Except maybe chilling out in front of a favourite TV show or series on Netflix.   Do I have to mention Gilmore Girls: A Year in The Life?  

Are you sick hearing about this Netflix revival yet?  It seems the whole world has been waiting for the four feature length episodes, and as of 7am Irish time, they have arrived.    I binge watched the original series on Netflix over the past three months and occasionally when the boys saw I couldn’t be budged from the couch for love nor money, they would plop down beside me.    Soon they became familiar with Lorelai and Rory, Luke’s and I think they were slightly in awe of Richard and Emily.   Let’s face it, who wasn’t?    There is wine cooling in the fridge in ready anticipation of my own company tonight when the boys are in bed and asleep.

But not before we have our second family meeting.   I’m not looking forward to it exactly but I’m not hating the thoughts either.

Family Meeting in progress

During the summer, I found it necessary to sit down with the boys and iron out a few things.   I invited them to air their own grievances and speak out about anything they felt unhappy about in home life.  It went surprisingly well (I wrote about it here for the Irish Examiner) and we never had another one.   Until last Friday evening. I am discovering more and more that if you take your eye off the ball, it will fall on your head.   Hard.      Home life had unravelled into a large shouty, unhappy crazy mess and once again issues needed to be addressed.   The entire family attended the meeting, there was a chairperson appointed and minutes were taken.    We introduced the boys to a reward system like the one they are used to in school.  But instead of ticéad buí (yellow ticket) they get in school, at home they were given the opportunity to acquire up to 11 ticéad ór (golden ticket) a week for certain chores being completed and good behaviour.   The aim was to bag 80 tickets for a trip Tayto Park.  But 80 tickets is a long, hard slog so there were spot prizes for 20, 30, 40 etc. and it would be up to the boys how they spend their earnings in a democratic voting system.   They loved everything about it.   All week, Smallest Boy cleared way a space on the table requesting a family meeting for that night.  It will happen this evening; the agenda being a review of how things went during the week and another chance for everyone to give their input.    There will be a “special” hot chocolate for the boys and a long, cold glass of wine for me.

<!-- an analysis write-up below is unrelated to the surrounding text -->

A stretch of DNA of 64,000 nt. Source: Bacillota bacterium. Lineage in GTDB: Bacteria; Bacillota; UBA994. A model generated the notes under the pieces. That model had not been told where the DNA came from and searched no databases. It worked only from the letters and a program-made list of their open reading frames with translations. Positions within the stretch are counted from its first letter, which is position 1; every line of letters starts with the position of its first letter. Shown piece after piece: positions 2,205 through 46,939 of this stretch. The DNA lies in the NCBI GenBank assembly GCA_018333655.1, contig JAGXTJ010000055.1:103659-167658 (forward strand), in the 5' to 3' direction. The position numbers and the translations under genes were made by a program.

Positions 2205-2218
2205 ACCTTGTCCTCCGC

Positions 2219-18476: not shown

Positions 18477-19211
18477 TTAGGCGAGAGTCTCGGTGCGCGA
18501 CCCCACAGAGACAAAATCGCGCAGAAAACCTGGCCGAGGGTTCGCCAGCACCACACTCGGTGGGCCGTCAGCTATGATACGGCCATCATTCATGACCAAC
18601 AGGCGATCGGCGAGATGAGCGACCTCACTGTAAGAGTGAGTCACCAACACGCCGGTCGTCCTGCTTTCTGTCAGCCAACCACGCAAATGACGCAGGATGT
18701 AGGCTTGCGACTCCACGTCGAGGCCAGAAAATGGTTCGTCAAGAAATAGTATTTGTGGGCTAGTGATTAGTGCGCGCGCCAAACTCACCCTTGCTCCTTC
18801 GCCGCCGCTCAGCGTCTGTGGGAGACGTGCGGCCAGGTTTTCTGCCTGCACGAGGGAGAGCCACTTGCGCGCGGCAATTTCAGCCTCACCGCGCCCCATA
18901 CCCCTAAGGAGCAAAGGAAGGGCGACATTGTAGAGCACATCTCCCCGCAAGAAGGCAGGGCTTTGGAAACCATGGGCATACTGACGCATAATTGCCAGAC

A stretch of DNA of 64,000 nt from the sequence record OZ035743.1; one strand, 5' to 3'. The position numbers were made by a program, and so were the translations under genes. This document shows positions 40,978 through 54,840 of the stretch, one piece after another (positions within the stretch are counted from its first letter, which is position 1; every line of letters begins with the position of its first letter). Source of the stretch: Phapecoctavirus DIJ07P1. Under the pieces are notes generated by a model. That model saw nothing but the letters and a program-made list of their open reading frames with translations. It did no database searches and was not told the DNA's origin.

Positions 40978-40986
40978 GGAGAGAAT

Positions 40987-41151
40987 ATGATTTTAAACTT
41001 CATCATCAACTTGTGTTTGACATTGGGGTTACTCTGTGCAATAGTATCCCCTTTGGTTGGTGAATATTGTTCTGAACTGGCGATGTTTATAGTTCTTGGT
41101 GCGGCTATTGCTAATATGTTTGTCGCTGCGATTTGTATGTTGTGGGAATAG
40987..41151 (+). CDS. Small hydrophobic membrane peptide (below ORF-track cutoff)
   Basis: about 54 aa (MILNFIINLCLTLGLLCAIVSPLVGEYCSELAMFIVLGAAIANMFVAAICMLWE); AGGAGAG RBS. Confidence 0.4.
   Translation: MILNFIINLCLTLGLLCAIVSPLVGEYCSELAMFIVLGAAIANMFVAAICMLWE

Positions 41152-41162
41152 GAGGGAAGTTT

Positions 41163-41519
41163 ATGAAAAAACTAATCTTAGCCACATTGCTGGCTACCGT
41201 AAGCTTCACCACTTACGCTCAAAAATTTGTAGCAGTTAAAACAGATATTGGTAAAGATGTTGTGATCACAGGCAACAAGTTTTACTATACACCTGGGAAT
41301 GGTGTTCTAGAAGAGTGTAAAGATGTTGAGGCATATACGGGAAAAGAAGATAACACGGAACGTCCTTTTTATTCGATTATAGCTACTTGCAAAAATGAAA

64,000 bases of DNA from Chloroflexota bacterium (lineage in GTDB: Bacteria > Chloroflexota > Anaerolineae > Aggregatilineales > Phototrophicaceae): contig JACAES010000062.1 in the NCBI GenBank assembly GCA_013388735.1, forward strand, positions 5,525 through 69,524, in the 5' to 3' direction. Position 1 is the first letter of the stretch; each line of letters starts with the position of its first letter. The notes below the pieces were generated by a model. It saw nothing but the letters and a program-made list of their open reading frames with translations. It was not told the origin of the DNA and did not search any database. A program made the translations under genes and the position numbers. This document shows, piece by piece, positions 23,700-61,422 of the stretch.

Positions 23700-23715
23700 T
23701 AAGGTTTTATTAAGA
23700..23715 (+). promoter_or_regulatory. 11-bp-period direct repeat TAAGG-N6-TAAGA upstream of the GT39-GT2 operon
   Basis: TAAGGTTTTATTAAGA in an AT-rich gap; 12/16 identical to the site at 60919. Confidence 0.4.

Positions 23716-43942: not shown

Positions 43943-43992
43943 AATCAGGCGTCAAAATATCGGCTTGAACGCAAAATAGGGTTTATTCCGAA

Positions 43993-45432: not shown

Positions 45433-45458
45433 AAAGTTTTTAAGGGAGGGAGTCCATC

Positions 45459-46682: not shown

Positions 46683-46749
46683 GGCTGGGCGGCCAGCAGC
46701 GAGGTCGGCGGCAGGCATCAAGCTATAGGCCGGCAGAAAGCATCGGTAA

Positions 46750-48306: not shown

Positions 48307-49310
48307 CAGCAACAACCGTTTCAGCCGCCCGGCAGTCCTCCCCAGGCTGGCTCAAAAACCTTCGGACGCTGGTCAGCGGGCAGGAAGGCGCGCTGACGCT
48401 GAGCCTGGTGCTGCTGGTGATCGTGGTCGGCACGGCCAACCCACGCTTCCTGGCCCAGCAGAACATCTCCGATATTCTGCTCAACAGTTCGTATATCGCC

Friday nights in general are a chance for me to recharge my batteries.  It is not something I can do easily and my preferred method of rejuvenation is solitude.   Alone time.   With no-one near me, at me, touching me or talking to me.  For as long as possible.   It is only a few hours on Friday nights but enough to skim the surface off the top of my weekly overload.  It’s a simple idea but it works well for me.   And with some of my favourite things to help me do that, it can’t fail.